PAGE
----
The east side has no windows on the first floor and one small casement window to the ground floor. The south end of this side has the return of the sandstone chimneybreast. Much of this side is obscured by a single-storey brick 1970s extension.

The south end has the sandstone chimneybreast.

The north side of the property is concealed by the later Poplar Farm.

INTERIOR: the entrance from the west leads directly into the south sitting room which has a chamfered spine beam with run-out stops and un-chamfered ceiling joists, originally plastered over. The large open fireplace has a wooden bressumer on brick sides, a bread oven on the left side, a seat on the right side and two spice recesses. The walls have C18 dado panelling. A plank door in the north wall leads directly onto the staircase. The dining room to the north also has exposed ceiling beams.

The kitchen and bathroom's west wall was the original east external wall and has an exposed box frame with some visible carpenters' marks that appears to extend into the upper floor. There is evidence in the north wall of the bathroom for a former penticed outshot with original truss timbers.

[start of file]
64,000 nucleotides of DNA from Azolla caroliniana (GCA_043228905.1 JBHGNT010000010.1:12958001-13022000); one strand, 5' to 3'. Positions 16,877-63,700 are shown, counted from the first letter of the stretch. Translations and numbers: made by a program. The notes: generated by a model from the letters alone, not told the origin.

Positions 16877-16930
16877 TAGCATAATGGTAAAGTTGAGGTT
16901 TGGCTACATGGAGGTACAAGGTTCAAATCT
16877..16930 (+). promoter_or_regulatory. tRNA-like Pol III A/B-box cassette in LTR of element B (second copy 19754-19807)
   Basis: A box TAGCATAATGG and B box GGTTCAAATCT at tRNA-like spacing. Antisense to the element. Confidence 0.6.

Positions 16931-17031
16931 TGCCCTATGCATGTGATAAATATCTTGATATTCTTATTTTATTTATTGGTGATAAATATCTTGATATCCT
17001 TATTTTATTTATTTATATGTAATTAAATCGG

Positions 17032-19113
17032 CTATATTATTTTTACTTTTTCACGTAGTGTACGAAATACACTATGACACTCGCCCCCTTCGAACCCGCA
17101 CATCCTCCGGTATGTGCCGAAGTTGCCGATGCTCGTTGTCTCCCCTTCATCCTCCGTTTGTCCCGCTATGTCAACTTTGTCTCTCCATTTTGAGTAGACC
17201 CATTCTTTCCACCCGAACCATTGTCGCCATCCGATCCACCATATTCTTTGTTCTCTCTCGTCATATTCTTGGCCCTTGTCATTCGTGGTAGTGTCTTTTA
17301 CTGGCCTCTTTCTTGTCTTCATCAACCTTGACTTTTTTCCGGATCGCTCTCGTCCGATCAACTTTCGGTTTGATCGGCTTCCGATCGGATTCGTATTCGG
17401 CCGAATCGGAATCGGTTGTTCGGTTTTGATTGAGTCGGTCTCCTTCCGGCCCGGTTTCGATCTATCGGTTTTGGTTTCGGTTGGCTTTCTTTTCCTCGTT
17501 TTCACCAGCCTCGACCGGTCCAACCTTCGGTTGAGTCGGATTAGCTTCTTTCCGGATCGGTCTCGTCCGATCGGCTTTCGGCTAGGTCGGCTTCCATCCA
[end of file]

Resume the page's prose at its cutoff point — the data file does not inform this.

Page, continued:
The half-winder staircase is original and retains its framed partition walls and old floor boards to the landing. The larger south bedroom has exposed wall-plates, jowled corner posts and wide oak floorboards. The north bedroom has exposed wall-plates and iron pintle hinges to the door frame.

The property retains a virtually complete series of ledged plank doors.


Poplar Farm Cottage dates back at least to the early C18 and may have been a commons encroachment cottage. It may be one of the cottages shown on the 1795 one inch to one mile Gardner's map of Sussex although the scale is too small to be sure, but it does appear on the 1842 Tithe Map for East Grinstead, and the Apportionment as item 94. It is recorded as 'house and garden etc.', the occupier was Hugh Simmonds and the owner John Sturt. On the 1841 Census Hugh Simmonds is registered as living in his father William Simmonds house on Chapel Lane which at that time extended as far as Poplar Farm Cottage. By the 1851 Census Hugh Simmonds was living with his wife on Chapel Lane.